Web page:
I stood for over 4 hours because I am obeying the clarion call. After the drills around 6:00pm, I stormed the market to feed my eyes but I ended up buying a bucket for using the restroom.

All ‘Otondos were also told to go to the campground to watch an orientation movie.

I got back to my room around 9:00 pm, I ate and dozed off.

The activities

I was soon disturbed from my slumber by the sound of the beagle by 4:00am. Female soldiers came into the hostel blowing their whistles and I quickly got dressed and ran to the parade ground. All corp members were told to line up according to their various platoons. There were 10 platoons in total. Each platoon stands in three’s and a group of soldiers are assigned to them.

Each platoon was also assigned to lead the morning devotion on a day to day basis.

We sang praises, recited our NYSC anthems and then listened to a write-up, known as meditation verse and from the platoon leading that day.

After this, we were addressed by our camp director, who constantly gave us the rules and regulations to abide by in camp and communicated with us to improve our stay.

After this, we had our Man O’ War drills, where most times we jogged round the camp premises.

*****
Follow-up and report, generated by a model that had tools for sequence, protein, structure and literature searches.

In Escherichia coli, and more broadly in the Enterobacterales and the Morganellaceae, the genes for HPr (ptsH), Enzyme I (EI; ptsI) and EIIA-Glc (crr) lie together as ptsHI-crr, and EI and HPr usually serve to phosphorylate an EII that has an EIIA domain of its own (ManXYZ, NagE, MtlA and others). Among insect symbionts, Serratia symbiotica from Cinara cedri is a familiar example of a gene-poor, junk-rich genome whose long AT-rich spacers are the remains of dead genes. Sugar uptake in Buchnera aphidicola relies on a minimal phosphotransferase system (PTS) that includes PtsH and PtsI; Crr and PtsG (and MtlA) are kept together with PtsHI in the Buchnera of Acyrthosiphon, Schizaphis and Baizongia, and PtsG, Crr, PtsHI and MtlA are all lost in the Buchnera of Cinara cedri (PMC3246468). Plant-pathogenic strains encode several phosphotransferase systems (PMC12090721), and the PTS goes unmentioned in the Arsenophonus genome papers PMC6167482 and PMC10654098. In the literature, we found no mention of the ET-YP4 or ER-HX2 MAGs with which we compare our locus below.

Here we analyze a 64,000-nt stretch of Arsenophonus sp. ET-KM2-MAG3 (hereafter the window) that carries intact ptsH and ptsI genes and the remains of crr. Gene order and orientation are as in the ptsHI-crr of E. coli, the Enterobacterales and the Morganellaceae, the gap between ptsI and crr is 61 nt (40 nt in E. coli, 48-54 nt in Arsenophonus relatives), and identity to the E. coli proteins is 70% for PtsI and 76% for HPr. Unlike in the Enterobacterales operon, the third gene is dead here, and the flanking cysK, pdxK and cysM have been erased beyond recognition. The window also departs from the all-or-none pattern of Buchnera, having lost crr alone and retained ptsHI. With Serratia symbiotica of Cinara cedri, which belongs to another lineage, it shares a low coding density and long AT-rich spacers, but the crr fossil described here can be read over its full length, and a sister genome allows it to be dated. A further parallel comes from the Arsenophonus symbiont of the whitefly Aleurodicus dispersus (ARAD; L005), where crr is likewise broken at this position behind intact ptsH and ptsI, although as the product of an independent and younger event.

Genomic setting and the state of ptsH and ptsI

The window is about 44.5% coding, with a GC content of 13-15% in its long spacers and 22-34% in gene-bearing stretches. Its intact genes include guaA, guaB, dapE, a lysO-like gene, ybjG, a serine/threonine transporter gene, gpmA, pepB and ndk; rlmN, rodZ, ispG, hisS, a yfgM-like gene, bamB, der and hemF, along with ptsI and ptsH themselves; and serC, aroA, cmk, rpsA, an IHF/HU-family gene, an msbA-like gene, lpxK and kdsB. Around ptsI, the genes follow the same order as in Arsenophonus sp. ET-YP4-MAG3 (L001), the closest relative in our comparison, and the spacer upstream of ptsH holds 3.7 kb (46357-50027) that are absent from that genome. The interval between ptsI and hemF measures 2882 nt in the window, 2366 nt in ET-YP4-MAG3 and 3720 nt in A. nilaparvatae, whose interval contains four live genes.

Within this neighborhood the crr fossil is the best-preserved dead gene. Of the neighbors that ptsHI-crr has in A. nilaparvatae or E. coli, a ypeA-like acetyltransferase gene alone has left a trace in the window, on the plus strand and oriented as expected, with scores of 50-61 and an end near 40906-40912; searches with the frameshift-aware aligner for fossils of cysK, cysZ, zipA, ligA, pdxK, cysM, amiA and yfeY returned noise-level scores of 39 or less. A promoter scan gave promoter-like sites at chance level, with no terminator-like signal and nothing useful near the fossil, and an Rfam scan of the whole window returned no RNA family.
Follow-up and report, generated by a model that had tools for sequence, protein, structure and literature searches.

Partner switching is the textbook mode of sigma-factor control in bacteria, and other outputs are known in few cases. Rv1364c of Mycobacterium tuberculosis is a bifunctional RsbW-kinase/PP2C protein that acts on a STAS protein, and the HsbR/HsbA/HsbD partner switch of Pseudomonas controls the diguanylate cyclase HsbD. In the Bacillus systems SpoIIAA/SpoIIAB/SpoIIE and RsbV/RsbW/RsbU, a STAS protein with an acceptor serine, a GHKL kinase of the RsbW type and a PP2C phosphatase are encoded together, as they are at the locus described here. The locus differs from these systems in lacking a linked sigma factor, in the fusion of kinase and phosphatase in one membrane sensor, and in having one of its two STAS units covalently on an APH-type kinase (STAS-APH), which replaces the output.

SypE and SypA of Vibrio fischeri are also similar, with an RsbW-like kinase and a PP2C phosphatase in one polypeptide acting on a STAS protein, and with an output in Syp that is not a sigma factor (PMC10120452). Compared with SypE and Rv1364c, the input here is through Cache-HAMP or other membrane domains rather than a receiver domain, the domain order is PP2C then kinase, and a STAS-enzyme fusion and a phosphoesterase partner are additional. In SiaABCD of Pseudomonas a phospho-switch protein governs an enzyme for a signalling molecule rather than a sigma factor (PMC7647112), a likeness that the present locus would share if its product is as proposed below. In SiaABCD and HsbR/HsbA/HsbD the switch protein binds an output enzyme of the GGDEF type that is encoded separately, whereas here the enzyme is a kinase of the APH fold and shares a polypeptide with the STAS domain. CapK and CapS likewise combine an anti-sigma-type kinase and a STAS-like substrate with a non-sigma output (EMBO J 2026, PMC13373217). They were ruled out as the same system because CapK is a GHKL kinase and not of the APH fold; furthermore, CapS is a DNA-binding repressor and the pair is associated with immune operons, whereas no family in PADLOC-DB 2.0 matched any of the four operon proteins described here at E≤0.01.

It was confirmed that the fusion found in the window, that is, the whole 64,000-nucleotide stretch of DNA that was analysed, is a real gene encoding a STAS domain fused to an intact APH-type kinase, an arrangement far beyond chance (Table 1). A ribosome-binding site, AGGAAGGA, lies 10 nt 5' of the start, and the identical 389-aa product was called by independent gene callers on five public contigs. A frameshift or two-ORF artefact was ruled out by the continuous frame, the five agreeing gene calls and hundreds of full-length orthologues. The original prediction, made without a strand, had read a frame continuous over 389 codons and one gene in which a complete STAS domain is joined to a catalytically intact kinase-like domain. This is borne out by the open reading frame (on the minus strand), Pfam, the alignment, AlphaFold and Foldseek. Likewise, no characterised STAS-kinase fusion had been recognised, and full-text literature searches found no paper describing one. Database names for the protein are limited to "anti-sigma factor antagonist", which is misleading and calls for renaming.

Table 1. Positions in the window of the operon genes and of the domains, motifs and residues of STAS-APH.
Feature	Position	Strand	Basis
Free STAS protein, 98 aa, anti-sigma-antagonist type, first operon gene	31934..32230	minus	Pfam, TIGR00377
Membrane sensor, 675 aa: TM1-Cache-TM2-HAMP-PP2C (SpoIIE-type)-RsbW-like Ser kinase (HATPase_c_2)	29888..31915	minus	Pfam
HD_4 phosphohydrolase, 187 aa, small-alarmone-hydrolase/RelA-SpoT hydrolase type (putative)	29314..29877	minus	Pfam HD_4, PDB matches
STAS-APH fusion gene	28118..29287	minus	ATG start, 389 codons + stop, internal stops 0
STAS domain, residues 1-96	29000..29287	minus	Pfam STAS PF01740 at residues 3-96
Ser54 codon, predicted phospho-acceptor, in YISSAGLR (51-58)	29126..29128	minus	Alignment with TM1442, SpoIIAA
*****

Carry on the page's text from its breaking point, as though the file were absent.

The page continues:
During the drills, we learnt some hilarious songs that made the situation bearable.

Some of them are:

  1. Shoe get size, Okirika get quality
  2. Na u go tire oo, na you go tire, Lazy soldiers (corpers) na you go tire
  3. U go born mumu, u go born mumu, if soldier marry soldier you go born mumu

After all this, we went our separate ways form 7:25 am till 8:50 to get ready from the day.

Meanwhile, each platoon was also assigned days to clean the environment and cook for all the corp members.

Not to worry, it didn’t involve washing toilets because cleaners were there for that.

At camp, we were given meal tickets for collection of food at the camp kitchen.

The second beagle for lunch blows by 2:00 PM.

The camp food wasn’t bad after all.

I also tried to join Orientation Broadcasting Service (OBS) and I passed the first stage of the interview.